At an annual shareholders meeting surprisingly lacking in any real backlash, PeopleSoft Inc. investors showed they approve of the current board of directors and its choice of fiduciary overseers.
However, shareholders also flexed their collective muscles by voting in a measure that will ensure PeopleSoft count employee and director stock options as expenses—a measure the board unanimously recommended against.
With a total of 294,211,180 voting shares represented, out of some 363 million outstanding shares, voters chose to re-elect PeopleSofts four sitting board members and to ratify the selection of KPMG LLP as independent auditor for the 2004 fiscal year.
With 132 million votes in favor, and 113 million votes against the measure to recognize employee and director stock options as income, shareholders effectively said that PeopleSofts board needs to be accountable to bonuses handed out to employees and, more importantly, to directors.
"Stock options comprise a large portion of PeopleSofts senior executive compensation, and stock options are an integral part of PS executive compensation package," said Albert Carlson, representing the American Federation of State, County and Municipal Employees, a PeopleSoft institutional shareholder. "According to the companys proxy report in 2003, CEO Craig Conways cash compensation totaled over $3.25 million and stock options [were] worth $14.9 million and $42.9 million, depending on the [stocks] return."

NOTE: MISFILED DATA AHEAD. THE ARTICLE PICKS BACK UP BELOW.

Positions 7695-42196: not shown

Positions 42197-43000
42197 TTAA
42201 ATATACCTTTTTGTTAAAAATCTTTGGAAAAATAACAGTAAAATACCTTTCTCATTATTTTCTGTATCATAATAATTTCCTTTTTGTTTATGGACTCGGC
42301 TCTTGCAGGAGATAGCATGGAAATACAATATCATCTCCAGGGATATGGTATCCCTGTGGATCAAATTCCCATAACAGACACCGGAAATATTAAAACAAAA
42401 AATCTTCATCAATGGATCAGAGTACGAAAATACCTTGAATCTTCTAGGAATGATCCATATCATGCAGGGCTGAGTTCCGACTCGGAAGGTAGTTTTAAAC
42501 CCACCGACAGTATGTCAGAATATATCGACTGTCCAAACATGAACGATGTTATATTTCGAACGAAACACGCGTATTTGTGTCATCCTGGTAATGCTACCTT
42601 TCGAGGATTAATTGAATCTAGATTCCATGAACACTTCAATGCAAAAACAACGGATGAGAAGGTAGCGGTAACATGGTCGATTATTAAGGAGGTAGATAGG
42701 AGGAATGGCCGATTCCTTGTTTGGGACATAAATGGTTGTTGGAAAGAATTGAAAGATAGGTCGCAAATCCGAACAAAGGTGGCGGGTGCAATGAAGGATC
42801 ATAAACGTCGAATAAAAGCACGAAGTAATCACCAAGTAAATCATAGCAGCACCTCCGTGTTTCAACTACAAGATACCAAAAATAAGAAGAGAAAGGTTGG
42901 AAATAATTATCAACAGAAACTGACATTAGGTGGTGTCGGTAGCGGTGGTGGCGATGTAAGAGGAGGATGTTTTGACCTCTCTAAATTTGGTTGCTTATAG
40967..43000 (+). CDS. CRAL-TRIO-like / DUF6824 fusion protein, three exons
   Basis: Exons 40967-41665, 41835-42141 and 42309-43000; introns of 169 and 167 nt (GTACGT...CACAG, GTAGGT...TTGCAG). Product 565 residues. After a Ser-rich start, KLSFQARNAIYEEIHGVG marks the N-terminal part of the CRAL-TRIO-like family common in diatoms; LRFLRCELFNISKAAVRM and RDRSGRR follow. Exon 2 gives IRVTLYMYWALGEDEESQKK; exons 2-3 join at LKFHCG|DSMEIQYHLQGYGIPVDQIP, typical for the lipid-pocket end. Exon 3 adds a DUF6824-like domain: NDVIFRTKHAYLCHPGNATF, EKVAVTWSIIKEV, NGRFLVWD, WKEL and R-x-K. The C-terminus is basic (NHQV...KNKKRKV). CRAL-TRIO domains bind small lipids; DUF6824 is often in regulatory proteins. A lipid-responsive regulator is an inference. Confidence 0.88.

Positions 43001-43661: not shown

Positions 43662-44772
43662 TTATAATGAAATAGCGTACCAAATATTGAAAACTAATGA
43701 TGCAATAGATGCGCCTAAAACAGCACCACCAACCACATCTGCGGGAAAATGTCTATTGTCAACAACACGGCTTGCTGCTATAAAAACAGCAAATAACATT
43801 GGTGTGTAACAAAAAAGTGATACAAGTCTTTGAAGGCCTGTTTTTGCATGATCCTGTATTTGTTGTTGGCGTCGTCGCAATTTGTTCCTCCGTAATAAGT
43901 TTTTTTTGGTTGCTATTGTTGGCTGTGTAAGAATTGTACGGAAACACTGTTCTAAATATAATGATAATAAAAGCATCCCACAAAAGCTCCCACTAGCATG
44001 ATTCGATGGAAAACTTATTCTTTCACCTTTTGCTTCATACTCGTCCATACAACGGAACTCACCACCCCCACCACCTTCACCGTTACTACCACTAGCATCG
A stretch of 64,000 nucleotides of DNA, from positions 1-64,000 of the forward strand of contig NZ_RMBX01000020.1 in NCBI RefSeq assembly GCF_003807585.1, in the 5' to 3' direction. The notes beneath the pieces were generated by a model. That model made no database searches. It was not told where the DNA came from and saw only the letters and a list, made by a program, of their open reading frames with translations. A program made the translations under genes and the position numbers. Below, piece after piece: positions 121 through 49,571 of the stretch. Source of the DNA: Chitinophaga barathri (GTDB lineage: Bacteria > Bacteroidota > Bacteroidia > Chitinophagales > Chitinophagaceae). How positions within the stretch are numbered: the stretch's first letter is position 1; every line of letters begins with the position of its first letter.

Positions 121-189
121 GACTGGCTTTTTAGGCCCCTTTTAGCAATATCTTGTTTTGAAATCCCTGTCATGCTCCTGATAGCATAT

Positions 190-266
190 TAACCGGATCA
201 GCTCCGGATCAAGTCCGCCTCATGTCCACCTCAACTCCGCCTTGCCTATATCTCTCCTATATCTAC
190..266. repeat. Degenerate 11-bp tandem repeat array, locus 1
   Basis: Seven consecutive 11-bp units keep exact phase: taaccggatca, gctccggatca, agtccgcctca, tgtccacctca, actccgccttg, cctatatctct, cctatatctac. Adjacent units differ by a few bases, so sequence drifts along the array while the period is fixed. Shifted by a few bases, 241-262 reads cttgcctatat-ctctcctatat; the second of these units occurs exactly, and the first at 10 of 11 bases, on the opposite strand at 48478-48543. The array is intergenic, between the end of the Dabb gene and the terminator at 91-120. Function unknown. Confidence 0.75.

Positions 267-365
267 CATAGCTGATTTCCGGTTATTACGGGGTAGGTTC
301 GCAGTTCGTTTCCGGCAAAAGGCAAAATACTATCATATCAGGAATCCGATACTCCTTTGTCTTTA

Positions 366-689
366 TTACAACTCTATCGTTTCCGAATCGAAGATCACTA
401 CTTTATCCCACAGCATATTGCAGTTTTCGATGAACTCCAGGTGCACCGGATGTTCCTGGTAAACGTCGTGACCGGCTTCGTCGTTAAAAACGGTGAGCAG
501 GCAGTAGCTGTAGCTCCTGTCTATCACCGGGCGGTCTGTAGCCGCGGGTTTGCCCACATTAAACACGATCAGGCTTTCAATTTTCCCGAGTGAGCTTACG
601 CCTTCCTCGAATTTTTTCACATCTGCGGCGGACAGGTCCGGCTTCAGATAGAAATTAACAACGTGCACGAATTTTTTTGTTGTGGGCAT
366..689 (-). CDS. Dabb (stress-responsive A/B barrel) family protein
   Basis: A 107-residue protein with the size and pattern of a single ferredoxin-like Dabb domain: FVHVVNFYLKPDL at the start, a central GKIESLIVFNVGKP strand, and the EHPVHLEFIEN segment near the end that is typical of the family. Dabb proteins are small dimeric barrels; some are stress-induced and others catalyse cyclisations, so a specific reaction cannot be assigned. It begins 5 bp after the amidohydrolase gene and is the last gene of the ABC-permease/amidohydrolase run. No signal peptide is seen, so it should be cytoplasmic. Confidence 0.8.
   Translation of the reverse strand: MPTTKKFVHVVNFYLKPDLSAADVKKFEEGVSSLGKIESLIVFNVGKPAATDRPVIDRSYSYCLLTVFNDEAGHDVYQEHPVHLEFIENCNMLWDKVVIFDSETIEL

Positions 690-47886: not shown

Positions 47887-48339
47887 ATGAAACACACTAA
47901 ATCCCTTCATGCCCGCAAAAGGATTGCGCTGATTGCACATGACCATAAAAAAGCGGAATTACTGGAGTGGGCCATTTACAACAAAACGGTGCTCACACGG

Carlson said the AFSCME believes that expensing stock options more accurately reflects the cost of awards to a company and better reflects true earnings to the company.
"They are of value to the recipient and a cost to the company," said Carlson.
In addition to fielding basic corporate governance issues, PeopleSoft, of Pleasanton, Calif., has been fending off a nine-month hostile takeover bid from Oracle Corp.—an attempted merger that the U.S. Department of Justice is currently trying to block. On Feb. 27 the Justice Department filed suit against Oracle in a San Francisco federal court.
In addition to its tender offer now valued at $9.4 billion, Oracle attempted to overthrow PeopleSofts board through a proxy battle. Based on three PeopleSoft shares that it owns, Oracle announced its own slate of nominees for PeopleSofts board. When the Justice Department announced it would file suit to try to block the acquisition, Oracle withdrew its slate.
With no other nominees on the table, Craig Conway, PeopleSofts president and CEO; George "Skip" Battle; Frank Fanzilli Jr.; and Cyril Yansouni were handily re-elected to the board this morning.
The votes in favor of each board member were not unanimous, however. Preliminary results indicate that while Conway won by a large margin—293 million votes for his re-election and 4 million votes against—4.8 percent of the shareholders hoped to appoint a new board member.
With a total of 292 million votes, Battle received 280 million in his favor and 12 million against. Fanzilli received a total of 293 million votes, 284 million in his favor and 9 million withheld. Yansouni saw a total of 293 million votes, with 279 for his re-election and 14 million against it.